Face it, folks... the 140 character limit that Twitter imposes really starts to hurt when you try to pass around URLs. Previously, most folks used tinyurl.com to make their URLs short and sweet... but lately, some Twits have determined that even tiny URLs waste precious character space, and have been demanding even tinier URLs. I mean, look at this link to my site:
Twenty five characters. What a bit pig... although I love the hidden message bonk w4... especially now that it's tax season.
As a result, many Twits have decided to go for a system that makes even shorter URLs. Here are a few URL shortening sites I've found laying about:
- bit.ly: Using this, the link to my home page is now compressed to: http://bit.ly/Vh0e3. Wow! That's saving six whole letters! Just enough to throw in one last ROTFL into your tweet...
- is.gd: not to be outdone... 'Is Good' shaves off eight whole characters, making it http://is.gd/ndwf.
- tinyarro.ws: UNGODLY short URLs! Check out http://➡.ws/웕. This makes links twelve characters shorter than tinyurl.com, making it easily the tiniest URL I've ever seen! Hot damn! Its using some nifty tricks with UTF8 encoded URLs, the arrow symbol, and what I believe to be the Chinese symbol for "awesome." Its all technically valid in a URL, but it won't work on all screens, all web pages, nor all programs.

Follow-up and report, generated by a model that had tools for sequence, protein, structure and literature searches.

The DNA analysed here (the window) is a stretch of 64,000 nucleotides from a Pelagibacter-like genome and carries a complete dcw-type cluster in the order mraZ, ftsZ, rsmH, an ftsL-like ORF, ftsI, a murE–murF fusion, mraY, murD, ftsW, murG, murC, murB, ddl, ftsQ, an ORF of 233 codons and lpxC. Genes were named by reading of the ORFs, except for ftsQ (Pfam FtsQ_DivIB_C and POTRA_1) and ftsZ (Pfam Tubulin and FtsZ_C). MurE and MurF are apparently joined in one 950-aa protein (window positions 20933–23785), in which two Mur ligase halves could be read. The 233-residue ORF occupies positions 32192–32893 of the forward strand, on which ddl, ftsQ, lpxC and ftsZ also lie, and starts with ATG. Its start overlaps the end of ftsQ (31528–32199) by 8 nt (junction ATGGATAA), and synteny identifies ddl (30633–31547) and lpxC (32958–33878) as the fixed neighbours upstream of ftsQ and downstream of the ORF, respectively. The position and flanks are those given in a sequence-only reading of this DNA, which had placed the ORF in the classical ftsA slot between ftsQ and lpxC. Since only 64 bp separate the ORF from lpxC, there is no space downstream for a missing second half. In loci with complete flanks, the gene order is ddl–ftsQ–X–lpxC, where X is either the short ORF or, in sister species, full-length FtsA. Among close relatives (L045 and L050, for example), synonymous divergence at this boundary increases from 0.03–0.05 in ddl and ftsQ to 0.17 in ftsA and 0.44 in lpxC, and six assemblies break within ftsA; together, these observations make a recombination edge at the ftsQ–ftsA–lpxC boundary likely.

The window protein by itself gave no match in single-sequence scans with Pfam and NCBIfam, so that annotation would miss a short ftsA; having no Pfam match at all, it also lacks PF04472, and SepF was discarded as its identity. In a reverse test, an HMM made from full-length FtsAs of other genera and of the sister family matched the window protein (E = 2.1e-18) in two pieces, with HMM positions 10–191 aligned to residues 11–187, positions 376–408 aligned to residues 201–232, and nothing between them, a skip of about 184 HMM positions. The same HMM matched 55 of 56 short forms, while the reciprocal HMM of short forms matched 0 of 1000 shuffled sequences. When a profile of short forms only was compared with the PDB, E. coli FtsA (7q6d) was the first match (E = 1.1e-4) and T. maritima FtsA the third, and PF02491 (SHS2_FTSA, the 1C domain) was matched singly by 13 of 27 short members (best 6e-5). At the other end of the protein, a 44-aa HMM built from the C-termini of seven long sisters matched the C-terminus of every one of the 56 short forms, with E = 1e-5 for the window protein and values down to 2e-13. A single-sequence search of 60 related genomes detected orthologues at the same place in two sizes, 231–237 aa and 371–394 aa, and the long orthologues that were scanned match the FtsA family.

There are many more URL shorteners available... if you really insist on being original. Personally, I think is.gd will probably muscle out tinyurls.com, at least amongst the Twitter crowd... and tinyarro.ws might cause more than a few folks to argue about the practical limitations of encoded URLs, especially where security and phishing are concerns...
There is another possibility... sites may begin making their own tiny urls. Imagine if CNN they did their own tiny urls, so you only had to send something like cnn.com/t/123. Just ignore the http:// prefix, since many apps these days know if a string something has .com and a few slashes, its probably a link... so they just slap on the implied http:// prefix automatically.
So what do you think? Will Twitter kill tinyurls.com? Will web sites start offering pre-made tiny URLs? Which URL shortener do you use?